Gattarello and Jackson were each charged with two counts of violating the Clean Air Act for releasing asbestos fibers into the environment during demolition and for leaving open piles of debris and asbestos that were exposed to the wind and elements. 7 8 Gattarello and two of his companies, Axelrod Recycling and Reachout Disposal, were indicted on charges of illegal open dumping, operating a solid waste landfill without a license, and operating a solid waste transfer facility without a permit. Gattarello was also charged with conspiracy to commit wire fraud and money laundering. Gattarello’s brother, Anthony Gattarello, was indicted on charges of illegal open dumping and on operating a solid waste disposal facility without a license. Jackson was charged on a count of unlawful open dumping.



  1. “ACME-CLEVELAND CORP.” Encyclopedia of Cleveland History. Case Western Reserve University, 16 Aug. 2012. Web. 27 Mar. 2015. Article.
  2. Cleary, John. “Buyer of Acme Stock Bows Out.” Cleveland Plain Dealer 26 Oct. 1968, Business sec.: 24. Print.
  3. Koshar, John Leo. “Cleveland has rich industrial past.” Cleveland Plain Dealer 17 Apr. 1978, 9C. Print.
  4. Cleary, John J. “Twist Drill Here Plans 4th Expansion in Year.” Cleveland Plain Dealer 10 Nov. 1967, 30. Print.
  5. Gerdel, Thomas W. “Acme buys L.A. firm, diversifies.” Cleveland Plain Dealer 5 Oct. 1984, 16B. Print.
  6. “Acme-Cleveland Corp. History.” History of Acme-Cleveland Corp. Funding Universe. Web. 27 Mar. 2015. Article.
  7. “Ohio Attorney General Mike DeWine – Cleveland Man Indicted for Violating Clean Air Act, Illegally Dumping Garbage and Defrauding Company.” Cleveland Man Indicted for Violating Clean Air Act, Illegally Dumping Garbage and Defrauding Company. Ohio Attorney General Mike DeWine, 2 Oct. 2014. Web. 30 Mar. 2015. Article.
  8. McCarty, James. “Cleveland Man Indicted on Clean Air Act Charges for Dumping, Asbestos Pollution at Collinwood Buildings.” The Plain Dealer. Web. 2 Oct. 2014. Article.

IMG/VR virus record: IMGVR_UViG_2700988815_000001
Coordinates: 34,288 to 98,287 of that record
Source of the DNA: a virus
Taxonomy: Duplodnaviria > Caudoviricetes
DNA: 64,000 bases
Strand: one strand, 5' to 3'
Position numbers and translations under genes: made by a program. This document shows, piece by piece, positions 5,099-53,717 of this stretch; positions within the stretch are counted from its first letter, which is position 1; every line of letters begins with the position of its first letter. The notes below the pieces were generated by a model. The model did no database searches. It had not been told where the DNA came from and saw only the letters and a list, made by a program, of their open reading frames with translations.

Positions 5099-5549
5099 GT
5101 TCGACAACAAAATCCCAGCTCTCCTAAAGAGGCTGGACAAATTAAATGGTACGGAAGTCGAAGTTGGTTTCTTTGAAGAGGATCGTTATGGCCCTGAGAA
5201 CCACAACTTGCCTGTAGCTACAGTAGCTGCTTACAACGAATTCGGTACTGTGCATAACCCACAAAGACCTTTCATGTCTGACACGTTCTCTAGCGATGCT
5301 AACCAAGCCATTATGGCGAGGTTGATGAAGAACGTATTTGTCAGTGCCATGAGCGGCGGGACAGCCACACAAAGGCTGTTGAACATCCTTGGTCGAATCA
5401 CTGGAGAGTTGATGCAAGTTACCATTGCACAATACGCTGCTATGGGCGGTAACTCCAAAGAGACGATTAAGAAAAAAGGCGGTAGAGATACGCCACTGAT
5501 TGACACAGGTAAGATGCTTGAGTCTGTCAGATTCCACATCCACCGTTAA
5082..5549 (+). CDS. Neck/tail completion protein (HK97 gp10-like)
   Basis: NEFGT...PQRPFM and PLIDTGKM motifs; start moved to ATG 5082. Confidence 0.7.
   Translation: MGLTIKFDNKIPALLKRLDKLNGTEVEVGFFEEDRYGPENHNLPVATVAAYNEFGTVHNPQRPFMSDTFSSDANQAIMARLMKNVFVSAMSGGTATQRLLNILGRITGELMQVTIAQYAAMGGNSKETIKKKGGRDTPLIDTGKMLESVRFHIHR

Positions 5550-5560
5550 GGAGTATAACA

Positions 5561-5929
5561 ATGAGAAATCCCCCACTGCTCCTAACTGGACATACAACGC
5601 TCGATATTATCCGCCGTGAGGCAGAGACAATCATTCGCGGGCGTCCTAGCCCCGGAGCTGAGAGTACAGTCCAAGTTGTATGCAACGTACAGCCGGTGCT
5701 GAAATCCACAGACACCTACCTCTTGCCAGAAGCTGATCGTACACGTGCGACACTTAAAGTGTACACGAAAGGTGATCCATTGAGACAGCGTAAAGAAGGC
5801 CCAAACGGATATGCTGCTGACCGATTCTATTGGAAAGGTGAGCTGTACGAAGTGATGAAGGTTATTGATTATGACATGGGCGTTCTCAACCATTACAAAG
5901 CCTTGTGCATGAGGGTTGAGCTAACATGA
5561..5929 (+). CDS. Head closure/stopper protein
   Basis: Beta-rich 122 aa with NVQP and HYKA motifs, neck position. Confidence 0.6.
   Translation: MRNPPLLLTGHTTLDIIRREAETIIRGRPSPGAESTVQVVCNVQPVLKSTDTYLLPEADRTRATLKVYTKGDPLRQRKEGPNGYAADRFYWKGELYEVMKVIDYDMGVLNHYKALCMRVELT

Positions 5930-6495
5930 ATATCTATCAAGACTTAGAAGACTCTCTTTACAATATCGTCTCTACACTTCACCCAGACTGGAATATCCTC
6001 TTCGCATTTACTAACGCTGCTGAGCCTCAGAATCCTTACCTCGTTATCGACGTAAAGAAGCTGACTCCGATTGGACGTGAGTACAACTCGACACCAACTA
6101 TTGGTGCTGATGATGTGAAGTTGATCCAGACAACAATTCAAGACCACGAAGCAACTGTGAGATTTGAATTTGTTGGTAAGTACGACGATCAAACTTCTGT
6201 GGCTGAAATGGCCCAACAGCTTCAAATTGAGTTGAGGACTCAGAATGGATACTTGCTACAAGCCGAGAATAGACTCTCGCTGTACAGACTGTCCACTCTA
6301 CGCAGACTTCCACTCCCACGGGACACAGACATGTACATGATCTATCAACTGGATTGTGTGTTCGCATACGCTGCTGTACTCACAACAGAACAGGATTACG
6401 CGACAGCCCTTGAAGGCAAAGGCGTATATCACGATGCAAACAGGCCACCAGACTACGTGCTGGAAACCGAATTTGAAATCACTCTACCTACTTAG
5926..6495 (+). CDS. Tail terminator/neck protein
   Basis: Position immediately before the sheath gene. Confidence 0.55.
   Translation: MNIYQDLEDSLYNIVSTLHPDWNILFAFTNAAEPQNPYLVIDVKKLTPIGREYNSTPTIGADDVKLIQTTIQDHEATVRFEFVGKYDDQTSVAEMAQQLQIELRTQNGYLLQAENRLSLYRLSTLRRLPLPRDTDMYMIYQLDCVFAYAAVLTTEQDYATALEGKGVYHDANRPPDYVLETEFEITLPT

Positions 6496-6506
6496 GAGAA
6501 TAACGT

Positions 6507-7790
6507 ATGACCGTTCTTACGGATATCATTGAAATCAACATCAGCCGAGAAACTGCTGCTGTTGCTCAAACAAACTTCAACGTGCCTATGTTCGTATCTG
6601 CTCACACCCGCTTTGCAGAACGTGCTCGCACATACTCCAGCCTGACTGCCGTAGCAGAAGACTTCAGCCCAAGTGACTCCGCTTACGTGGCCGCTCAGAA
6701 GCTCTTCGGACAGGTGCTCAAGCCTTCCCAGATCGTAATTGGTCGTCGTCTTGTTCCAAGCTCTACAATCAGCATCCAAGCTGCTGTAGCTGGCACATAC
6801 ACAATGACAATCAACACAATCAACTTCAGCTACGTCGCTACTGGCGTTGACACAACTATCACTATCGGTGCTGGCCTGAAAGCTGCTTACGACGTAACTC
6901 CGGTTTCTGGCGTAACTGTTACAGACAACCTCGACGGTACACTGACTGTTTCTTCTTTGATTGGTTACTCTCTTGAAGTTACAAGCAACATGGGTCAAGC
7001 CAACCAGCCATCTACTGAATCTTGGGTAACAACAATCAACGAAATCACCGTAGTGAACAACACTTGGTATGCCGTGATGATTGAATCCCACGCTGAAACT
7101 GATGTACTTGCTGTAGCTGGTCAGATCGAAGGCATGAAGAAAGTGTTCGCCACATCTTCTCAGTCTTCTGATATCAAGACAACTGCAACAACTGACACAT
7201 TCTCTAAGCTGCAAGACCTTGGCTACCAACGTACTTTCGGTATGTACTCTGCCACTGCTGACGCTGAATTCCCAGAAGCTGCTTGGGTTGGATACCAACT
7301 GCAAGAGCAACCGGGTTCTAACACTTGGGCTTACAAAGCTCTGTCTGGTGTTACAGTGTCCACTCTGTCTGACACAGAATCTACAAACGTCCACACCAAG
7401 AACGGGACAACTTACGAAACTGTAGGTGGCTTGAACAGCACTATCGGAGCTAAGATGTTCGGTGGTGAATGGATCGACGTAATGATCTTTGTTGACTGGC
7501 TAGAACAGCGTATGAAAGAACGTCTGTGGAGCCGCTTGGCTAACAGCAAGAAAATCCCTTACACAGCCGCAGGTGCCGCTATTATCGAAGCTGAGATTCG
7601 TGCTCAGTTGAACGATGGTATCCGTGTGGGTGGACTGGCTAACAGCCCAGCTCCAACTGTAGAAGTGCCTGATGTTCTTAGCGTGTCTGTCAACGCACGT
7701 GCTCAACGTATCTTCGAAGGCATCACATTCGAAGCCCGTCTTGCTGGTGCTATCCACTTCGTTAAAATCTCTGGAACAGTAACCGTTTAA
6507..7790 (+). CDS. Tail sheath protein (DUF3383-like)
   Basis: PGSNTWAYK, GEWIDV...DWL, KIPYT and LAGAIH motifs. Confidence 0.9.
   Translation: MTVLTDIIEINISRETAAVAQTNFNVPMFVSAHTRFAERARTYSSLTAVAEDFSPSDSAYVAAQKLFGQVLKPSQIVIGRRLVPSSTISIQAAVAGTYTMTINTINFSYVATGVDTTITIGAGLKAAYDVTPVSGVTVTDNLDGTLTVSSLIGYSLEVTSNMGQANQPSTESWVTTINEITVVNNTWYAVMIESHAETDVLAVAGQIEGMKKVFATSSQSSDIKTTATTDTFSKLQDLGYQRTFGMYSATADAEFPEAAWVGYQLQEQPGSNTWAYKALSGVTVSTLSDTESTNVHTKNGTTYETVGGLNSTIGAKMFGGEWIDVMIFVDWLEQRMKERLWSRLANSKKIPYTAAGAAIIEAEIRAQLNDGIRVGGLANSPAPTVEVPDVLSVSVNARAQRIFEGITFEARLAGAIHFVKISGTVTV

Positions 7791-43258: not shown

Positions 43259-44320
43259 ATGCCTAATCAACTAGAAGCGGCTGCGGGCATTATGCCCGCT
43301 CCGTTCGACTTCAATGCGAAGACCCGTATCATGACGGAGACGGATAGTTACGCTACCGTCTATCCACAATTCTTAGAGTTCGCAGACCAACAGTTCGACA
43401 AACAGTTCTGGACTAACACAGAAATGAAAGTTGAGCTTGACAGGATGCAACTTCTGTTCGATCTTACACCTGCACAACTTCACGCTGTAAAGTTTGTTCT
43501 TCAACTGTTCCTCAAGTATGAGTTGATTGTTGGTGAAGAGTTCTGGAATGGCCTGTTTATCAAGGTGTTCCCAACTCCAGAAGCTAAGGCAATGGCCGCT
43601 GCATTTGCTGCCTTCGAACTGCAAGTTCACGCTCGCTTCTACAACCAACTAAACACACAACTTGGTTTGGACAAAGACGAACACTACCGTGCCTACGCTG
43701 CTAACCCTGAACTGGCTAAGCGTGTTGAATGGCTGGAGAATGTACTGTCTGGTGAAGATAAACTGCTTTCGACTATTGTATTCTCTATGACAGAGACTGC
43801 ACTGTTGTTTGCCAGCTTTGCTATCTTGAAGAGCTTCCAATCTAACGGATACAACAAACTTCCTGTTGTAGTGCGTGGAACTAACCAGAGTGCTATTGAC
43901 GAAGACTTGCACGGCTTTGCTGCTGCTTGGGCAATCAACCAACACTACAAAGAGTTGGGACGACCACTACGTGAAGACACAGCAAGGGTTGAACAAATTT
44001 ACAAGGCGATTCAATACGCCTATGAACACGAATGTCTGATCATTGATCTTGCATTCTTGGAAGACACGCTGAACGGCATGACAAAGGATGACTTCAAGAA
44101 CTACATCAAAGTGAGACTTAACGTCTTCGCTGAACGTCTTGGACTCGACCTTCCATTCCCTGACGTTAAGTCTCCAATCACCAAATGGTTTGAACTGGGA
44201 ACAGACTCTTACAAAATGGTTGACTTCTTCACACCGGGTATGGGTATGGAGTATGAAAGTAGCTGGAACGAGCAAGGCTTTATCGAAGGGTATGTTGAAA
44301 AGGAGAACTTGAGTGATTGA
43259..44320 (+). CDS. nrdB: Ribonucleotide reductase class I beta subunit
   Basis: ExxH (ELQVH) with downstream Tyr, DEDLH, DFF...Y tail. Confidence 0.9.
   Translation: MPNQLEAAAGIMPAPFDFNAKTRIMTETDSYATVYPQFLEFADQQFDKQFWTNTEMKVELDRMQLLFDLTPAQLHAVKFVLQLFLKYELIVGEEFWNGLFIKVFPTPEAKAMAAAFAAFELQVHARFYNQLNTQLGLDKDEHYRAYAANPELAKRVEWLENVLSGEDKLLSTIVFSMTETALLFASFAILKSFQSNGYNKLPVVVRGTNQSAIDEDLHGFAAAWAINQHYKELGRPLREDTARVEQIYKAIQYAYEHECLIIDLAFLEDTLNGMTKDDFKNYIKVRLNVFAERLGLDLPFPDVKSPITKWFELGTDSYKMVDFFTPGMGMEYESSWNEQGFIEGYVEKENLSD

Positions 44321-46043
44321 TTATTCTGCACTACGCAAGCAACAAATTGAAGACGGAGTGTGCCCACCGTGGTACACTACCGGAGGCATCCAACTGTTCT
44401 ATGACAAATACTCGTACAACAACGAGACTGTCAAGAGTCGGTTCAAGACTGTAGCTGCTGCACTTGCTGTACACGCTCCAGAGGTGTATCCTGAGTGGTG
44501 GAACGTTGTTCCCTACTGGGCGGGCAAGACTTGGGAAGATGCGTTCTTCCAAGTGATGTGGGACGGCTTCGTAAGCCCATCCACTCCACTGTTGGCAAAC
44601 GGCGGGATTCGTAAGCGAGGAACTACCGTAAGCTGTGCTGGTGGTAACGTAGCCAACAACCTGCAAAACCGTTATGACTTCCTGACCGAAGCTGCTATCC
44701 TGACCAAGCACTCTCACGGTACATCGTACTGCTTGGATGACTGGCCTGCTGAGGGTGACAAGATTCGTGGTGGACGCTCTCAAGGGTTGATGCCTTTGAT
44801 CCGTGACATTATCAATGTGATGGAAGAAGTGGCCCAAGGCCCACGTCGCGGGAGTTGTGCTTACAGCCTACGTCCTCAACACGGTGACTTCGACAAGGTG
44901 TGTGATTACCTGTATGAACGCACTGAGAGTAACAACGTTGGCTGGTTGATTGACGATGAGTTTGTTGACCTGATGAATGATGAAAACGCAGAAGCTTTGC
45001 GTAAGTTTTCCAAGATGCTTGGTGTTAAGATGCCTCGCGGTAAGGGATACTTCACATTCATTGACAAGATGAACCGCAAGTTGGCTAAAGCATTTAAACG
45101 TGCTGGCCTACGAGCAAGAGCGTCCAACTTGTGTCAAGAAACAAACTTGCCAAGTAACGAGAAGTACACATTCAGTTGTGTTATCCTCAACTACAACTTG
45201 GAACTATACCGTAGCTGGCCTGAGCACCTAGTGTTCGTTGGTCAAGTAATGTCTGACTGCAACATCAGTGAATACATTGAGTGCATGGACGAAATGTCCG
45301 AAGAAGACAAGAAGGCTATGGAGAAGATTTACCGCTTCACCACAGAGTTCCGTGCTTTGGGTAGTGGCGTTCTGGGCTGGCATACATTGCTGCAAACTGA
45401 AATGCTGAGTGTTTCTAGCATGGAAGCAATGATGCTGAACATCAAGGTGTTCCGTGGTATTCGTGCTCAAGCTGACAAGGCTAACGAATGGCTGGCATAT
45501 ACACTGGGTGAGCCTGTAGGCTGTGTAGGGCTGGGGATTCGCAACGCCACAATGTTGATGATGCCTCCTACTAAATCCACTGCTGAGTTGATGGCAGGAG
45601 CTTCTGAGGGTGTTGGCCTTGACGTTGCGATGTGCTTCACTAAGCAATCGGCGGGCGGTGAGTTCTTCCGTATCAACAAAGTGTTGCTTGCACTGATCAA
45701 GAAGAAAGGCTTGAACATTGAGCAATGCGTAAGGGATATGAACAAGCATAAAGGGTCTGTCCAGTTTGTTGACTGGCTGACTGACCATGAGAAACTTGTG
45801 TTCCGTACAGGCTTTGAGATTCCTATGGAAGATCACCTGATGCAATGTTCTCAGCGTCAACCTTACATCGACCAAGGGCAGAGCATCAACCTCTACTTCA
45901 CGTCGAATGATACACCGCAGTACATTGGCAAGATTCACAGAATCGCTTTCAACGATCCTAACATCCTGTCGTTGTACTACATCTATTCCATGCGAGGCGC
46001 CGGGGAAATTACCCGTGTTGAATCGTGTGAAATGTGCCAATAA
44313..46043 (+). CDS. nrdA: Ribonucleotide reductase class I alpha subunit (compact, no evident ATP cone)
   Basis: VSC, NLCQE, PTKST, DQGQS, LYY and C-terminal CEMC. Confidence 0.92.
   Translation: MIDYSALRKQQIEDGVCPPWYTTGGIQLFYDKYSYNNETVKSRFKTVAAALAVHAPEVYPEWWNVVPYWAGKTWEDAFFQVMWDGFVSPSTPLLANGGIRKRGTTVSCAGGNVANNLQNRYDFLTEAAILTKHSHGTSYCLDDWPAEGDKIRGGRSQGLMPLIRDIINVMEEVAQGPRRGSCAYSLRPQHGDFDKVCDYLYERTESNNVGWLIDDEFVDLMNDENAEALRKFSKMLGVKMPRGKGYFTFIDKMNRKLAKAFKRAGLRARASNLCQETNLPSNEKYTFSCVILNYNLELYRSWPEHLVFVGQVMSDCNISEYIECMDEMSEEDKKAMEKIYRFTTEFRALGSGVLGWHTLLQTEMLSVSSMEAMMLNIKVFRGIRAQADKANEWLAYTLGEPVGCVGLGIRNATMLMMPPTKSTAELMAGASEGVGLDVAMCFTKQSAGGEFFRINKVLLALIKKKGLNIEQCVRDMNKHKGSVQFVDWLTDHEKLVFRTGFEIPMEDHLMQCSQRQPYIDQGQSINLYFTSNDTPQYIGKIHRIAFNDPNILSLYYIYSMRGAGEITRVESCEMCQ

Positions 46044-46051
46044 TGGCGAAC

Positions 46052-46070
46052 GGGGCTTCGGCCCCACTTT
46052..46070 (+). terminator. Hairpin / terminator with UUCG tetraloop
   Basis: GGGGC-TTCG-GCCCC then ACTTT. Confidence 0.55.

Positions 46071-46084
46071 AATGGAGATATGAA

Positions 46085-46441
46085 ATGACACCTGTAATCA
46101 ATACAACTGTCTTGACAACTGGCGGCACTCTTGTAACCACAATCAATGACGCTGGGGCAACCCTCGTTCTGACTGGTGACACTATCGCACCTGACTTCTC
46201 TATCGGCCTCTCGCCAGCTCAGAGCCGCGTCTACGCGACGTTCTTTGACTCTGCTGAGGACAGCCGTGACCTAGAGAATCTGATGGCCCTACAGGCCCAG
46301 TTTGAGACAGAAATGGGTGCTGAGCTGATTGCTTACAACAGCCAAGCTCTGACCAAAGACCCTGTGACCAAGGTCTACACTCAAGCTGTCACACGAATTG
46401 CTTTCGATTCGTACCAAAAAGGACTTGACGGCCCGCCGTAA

9. “DeVlieg Bullard Moves Its National Acme Unit from Cleveland.” The Free Library. Gardner Publications, 17 Jan. 2002. Web. 30 Mar. 2015. Article.
  10. George Smith Rider. Cleveland Landmarks Commission. Web. 30 Mar. 2015. Article.


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My father-in-law worked as a salesman for National Acme, John (Jack) Brown. Does anyone remember him? I still have some of his sales literature. Also, I worked for Hardinge Brothers for 42 years. Designed many special collets for Acme machines. They were amazing machines. We had 5 at Hardinge Brothers.

I worked in the Industrial Engineering department from 1973 to 1982, my badge number 6892. I looked forward to going to work every day, it was like magic being one tiny part of this great company. Just remembering one of the greatest manufacturing operations of the 20th century, the so complex Acme Gridley machines and all of it’s model variants produced under one roof in Cleveland Ohio. National Acme Co. was not only a factory it was an institution of intellectual integrity. So ” Made in the USA ” now an extinct phrase, USA manufacturing exported to China and Mexico. So sad to see the photo’s of the building in ruins, once such a thriving institution and assembly of intellectual manufacturing talents now only distant and fading memories of those Good Old Days !!!

If anybody interested in Acme Gridley check us out and join the acme Gridley fb yes the is one and we all love these machine

There is a huge hole in the building and a perfect parking area across from area I went late June of 2017 and it is wort going and very very easy access also a mattress factory about 100yds down the road on the opposite side of the street with a garage door enterance